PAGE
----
Alicia Dye | News Editor
Aug. 25, 2022
Ninety-one shots fired calls in the first six months of 2022 in the South Side neighborhood. Sixthy-three shots fired in the first six months of 2021, in the same neighborhood. Crime, specifically gun violence, has been on the rise over the years, according to data provided by the Pittsburgh Office of Public Safety.
The gun violence in the area has been hurting businesses, causing some to even leave the neighborhood. Fudge Farm, a gourmet fudge, ice cream and chocolate shop, closed its doors in June of this year due to the violence, according to a Facebook post made by the business.
“Due to the uncontrollable shootings and violence as well as other circumstances on E. Carson St. today will be Fudge Farm’s last day there,” the Facebook post said. “We can no longer ask teenage children, or no one for that matter to work for us in this environment.”
Even with businesses and residents being frequently being hurt by the violence, students still flock to South Side on weekends, with no fear of the violence.
“Going out in South Side doesn’t scare me,” pharmacy student Megan Mcquigg said. “I could get shot anywhere in the city.”
Oakland, another popular going out spot among students, has had 25 shots-fired calls within the first six months of the year, according to data provided by the Pittsburgh Office of Public Safety. North Shore, where popular bars such as Tequila Cowboy are located, has only had one incident with gun violence in the first six months of 2022.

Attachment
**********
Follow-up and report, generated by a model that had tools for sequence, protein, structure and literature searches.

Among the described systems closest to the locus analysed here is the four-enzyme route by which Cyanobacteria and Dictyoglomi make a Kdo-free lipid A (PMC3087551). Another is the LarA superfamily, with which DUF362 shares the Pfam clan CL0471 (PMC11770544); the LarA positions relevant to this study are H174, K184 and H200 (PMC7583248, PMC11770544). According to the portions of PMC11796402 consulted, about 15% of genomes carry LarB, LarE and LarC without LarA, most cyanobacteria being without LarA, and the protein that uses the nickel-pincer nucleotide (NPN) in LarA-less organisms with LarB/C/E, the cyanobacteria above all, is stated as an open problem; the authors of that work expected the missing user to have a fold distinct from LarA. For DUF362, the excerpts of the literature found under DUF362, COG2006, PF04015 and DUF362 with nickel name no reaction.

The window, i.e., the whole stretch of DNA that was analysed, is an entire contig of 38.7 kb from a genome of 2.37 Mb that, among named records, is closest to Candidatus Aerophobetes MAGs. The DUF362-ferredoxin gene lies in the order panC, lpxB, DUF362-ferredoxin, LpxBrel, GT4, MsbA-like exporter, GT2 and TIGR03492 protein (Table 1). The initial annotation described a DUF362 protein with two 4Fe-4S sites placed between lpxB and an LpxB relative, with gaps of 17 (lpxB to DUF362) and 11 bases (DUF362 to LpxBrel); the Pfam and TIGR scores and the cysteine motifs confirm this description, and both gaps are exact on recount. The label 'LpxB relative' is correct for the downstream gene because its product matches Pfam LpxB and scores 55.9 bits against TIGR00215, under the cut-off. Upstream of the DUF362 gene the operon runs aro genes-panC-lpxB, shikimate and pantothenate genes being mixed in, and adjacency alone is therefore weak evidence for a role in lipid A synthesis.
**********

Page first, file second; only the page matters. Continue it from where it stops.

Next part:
A majority of the gun violence in the South Side happens on weekends and late at night. Twenty percent of the gun violence for 2022 has happened on a Saturday night between 11 p.m. and 5 a.m. Sixty-nine percent of all gun violence for 2022 has happened between 11 p.m. and 5 a.m.
Assistant Chief of operations Linda Barone said that Pittsburgh Police is working hard with other departments to help better South Side.
“City of Pittsburgh, Department of Public Safety, which the Bureau of Police fall under, have been working with other city departments and outside law enforcement partners as well as other agencies to reduce crime and disorder not only in South Side but citywide,” Barone said.
Some Duquesne students think the police presence helps them feel safer.
“All my friends love going out there,” senior Avery Clark said. “I was iffy at first, but after seeing the amount of police in the area, it made me feel a lot better about the crime in the area.”
Even freshmen say that the crime won’t deter them from going to the South Side.
“There are a bunch of restaurants I want to try down there,” Vivian Mai said. “Any area can be dangerous. I don’t want to miss out on stuff because I’m scared.”
Pittsburgh Police are trying to do more to make students and businesses feel safe in South Side and citywide.
“We are doing directed patrols, park n walks, roving dui patrols, engaging with the community and businesses as partners to address issues that foster negative activity,” Barone said. “We are also working with other departments and agencies to assist when needed, lighting has been enhanced to brighten dark areas, technology is utilized via public/private camera systems and education for those living and visiting the South Side area as to what behavior is unacceptable.”
City councilman Bruce Kraus did not respond to requests for comment.